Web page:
Governor Jindal said, "Cory told us about mass confusion with the federal government's regulators. He said he is unable to plan because there is too much uncertainty in the permitting process. He said he had only heard of one new drill permit being issued for shallow water drilling since the moratorium and that he's already had to lay off one employee and fears for the future. He said 'Right now it's a short term problem, but if they don't resolve the issues in short order it's going to be a long term problem. Which means having to tie up equipment and send people home. We are looking at that every day.'

Third and finally, the Governor recognized Dwayne Rebstock who is the CEO of Allport Services. In October 2007, Allport opened its doors as a logistics brokerage company in Port Fourchon. On March 1 of this year, the company debuted its new Multi Service Dock Facility. The new facility boasted 600 feet of waterfront property and 11 acres of area overall. This multi-service dock facility would support drilling and production in the Gulf. Soon after its expansion, Allport signed a major client, indicating a rising interest in the new facility. Then, the moratorium was issued just weeks later and Rebstock's first major client backed out - on the exact date the moratorium was enacted.

Governor Jindal said, "Allport is now working spot jobs because as Dwayne puts it, 'no major company will make a move, we're all just waiting to see what the President will do.' To make ends meet, Allport has converted part of its yard into housing for BP workers to stay afloat, but despite their efforts - they're still losing money. As a result of the moratorium, Dwayne has laid off some of his management staff and labor force and he doesn't expect them to stop layoffs until the moratorium is lifted. He's also enacted a 10 percent pay cut across the board for all of his employees. Dwayne fears he will ultimately have to close his doors as a direct impact of the moratorium. He has been in continued contact with the major client he lost and Dwayne says if the moratorium would cease to exist they would come back to Allport and operations would start up immediately."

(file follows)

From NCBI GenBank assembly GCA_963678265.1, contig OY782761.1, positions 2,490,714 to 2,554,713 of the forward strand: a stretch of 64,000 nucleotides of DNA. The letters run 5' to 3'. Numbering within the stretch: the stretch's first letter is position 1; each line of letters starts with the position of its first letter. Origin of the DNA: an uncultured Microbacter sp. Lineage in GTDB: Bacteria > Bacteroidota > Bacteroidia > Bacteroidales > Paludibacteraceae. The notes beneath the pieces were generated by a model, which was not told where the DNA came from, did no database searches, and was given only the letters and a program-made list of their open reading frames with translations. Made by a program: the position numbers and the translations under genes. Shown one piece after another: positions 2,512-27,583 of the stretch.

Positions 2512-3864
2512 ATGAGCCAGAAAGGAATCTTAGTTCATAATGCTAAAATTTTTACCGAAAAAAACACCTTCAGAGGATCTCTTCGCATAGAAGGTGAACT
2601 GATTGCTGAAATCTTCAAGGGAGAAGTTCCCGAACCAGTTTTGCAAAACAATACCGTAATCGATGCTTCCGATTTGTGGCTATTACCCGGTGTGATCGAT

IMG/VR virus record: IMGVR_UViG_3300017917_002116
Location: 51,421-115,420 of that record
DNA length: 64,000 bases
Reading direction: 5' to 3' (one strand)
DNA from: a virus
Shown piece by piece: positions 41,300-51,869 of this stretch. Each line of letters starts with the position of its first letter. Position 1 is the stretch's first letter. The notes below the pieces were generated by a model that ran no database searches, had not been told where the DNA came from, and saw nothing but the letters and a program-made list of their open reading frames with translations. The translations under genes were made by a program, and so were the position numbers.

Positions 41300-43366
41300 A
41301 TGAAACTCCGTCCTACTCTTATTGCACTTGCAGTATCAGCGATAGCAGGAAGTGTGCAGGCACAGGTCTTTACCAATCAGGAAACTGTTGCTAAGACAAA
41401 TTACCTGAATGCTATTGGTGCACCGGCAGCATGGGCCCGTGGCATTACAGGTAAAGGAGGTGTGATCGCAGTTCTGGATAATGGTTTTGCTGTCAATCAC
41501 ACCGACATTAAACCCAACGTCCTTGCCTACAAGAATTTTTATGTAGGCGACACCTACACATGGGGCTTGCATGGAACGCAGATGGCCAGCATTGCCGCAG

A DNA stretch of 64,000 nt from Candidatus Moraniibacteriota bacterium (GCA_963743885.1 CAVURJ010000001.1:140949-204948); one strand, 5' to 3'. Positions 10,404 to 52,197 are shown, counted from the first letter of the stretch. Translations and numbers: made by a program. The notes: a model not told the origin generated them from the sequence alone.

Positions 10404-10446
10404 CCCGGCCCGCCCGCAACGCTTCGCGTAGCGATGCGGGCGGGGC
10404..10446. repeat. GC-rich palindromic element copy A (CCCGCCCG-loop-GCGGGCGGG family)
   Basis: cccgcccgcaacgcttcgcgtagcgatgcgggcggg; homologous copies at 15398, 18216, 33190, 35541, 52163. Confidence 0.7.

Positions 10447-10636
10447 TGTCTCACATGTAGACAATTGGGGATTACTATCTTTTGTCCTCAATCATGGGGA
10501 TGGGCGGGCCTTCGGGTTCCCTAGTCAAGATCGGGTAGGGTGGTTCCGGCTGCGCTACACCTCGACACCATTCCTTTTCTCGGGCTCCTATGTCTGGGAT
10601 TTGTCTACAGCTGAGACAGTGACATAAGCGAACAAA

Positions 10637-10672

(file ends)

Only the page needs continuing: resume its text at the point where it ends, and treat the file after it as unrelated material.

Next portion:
On the issue of the latest suspension of deepwater drilling announced by Interior Secretary Ken Salazar, Governor Jindal noted that the first deepwater drilling moratorium the Administration issued was called 'arbitrary and capricious' and was overturned by a federal judge.

"This second suspension of deepwater drilling issued on July 12 is a clear sign that the Administration is unwilling to follow the advice of their own scientists and instead insists on crippling our energy industry, our coastal communities, and killing jobs," said the Governor. "They have already lost twice in court, but instead of listening to these legal rulings they are trying to game the system by initiating a second moratorium and then asking the court to abandon their move to block the first moratorium. The ultimate effect of this second moratorium is the same as the first - to shut down drilling operations in the Gulf. We must stand up and fight against this, just as we did the first time around.

"The folks in Washington just don't seem to understand that you can't just turn a switch on and off with these rigs. When they leave our coast to produce oil in other parts of the country or the world, the jobs that support them go too. Instead of an arbitrary moratorium, the Administration should listen to their own experts, and if they won't listen to their own experts, I want them to listen to all the voices of the people here with us today."